SPORTS COLUMN: Holistic therapies have big part to play in top level sport

Crispin Andrews
Crispin Andrews

Last week, Australian batsman, Chris Rogers, told me that before this year’s Ashes, he visualised himself as Allan Border, scoring a century for the Aussies against England.

Border, Rogers’ hero growing up, had experience, determination and could handle the pressure. All the qualities Rogers wanted to bring with him into the Australian cricket team. After a lean start, Rogers scored his first Test 100 in the fourth Test at Durham.

Now aged 36 Rogers is established as Australia’s Test opener. For a couple of seasons at least.

Many top sports stars use visualisation to improve their performance, as part of their pre-match routine.

“Think as if you’re out there, as your hero, achieving the objective you’ve set yourself,” says Julie Fenn, a holistic therapist from Aylesbury.

“Think not about what is, now, but what you want it to be like. You know your hero’s style, body language, attitude and confidence. Act as if you are them, performing at their very best.”

Doing this sort of thing, during Victorian times, would very likely have seen you cast out of Heaven, or at very least, out of polite society. Three hundred years ago you’d have most likely been burnt for being a witch.

Today, people are a bit more broad-minded about their health and welfare, and there are lots of holistic therapists around these days.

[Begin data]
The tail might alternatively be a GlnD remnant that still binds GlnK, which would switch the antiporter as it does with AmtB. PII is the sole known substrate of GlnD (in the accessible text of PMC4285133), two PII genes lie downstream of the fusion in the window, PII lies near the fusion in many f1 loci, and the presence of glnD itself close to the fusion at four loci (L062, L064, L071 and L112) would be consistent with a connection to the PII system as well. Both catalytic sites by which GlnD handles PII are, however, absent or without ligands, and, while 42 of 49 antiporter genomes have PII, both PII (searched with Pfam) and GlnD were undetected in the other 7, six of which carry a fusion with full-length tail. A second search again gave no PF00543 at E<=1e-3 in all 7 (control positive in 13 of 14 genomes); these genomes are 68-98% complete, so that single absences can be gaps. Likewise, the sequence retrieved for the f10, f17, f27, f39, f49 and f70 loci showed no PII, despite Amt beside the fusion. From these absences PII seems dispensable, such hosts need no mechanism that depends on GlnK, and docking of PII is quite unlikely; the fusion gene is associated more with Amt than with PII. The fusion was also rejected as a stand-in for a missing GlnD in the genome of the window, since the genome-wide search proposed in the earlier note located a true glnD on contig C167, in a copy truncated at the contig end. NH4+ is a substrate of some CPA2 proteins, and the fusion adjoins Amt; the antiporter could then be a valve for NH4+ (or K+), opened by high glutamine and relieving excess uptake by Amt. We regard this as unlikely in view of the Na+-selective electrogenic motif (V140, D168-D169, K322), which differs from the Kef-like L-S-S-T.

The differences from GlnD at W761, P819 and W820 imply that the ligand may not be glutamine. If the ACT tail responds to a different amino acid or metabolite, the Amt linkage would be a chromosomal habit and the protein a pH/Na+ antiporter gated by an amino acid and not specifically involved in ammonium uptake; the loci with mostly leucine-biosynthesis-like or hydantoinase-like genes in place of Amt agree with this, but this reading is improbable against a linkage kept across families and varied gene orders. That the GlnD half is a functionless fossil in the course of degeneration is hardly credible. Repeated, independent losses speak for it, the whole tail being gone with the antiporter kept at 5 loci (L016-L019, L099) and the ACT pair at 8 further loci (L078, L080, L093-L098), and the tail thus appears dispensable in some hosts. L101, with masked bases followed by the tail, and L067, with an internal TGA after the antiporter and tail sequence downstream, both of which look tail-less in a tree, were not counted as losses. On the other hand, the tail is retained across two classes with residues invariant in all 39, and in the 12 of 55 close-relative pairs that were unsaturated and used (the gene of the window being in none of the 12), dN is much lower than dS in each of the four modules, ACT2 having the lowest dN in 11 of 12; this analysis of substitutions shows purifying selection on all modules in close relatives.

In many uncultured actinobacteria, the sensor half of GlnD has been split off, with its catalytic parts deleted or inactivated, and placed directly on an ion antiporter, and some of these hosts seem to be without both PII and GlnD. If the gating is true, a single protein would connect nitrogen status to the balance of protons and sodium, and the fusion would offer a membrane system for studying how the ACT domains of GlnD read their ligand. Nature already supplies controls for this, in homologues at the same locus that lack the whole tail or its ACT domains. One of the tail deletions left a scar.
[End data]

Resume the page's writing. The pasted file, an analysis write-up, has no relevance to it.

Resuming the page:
They use Reiki, kinesiology, hypnotherapy, meditation and many other alternative therapies to help people overcome physical, mental and spiritual problems.

Monty Panesar went into a downward spiral after his wife left him, earlier this year.

He was then dropped from the England team and released by Sussex.

David Warner lost his rag and punched Joe Root. Simon Kerrigan folded under pressure at the Oval. Michael Clarke was frustrated after umpires went off for bad light at Old Trafford, when Australia was trying to set England a total.

“Monty might think about what opportunities being dropped might offer him, rather than looking only at the negatives,” Julie says.

“Time away from cricket to focus on himself. Time to recover mentally and emotionally.”

She adds that anger is usually a symptom of fear, or lack of empowerment.

“When someone lashes out angrily, it’s usually because the situation highlights a weakness of theirs,” she says.

“The trick is to find out what it is and release it.”

For Kerrigan’s stage fright and Clarke’s frustration, Julie recommends staying in the now-moment. “Think about this ball now, not what might be or could be, as a result of what’s just gone wrong,” she said.

“Affirm that the next ball will be different; don’t worry about how much time you haven’t got left to achieve what you want, just keep telling yourself you can still do it.”

A month ago, Kevin Pietersen tweeted: ‘If you are happy, happiness will come to you because happiness wants to be where happiness is’.

Julie Fenn thinks KP is training his emotions so he leads them, rather than them leading him.

“Focus on what’s good, put that out there, and you’ll get it back,” she said.

“Let go of the negative cycles, you really can re-program yourself.”

Last month Pietersen had an acupuncture treatment. It’s not just hippies and new agers who buy into all of this.

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l Crispin Andrews is an Aylesbury-based writer and journalist.

He writes for the Cricketer, Four Four Two, Inside Cricket, Readers Digest, Flipside and Engineering and Technology Magazine.

He has played cricket locally for 25 years, including stints at Aylesbury Town, Tring Park, Dinton & Buckingham Town.

l Julie Fenn is an Aylesbury based Reiki healer and trainer. She writes for Kindred Spirit Magazine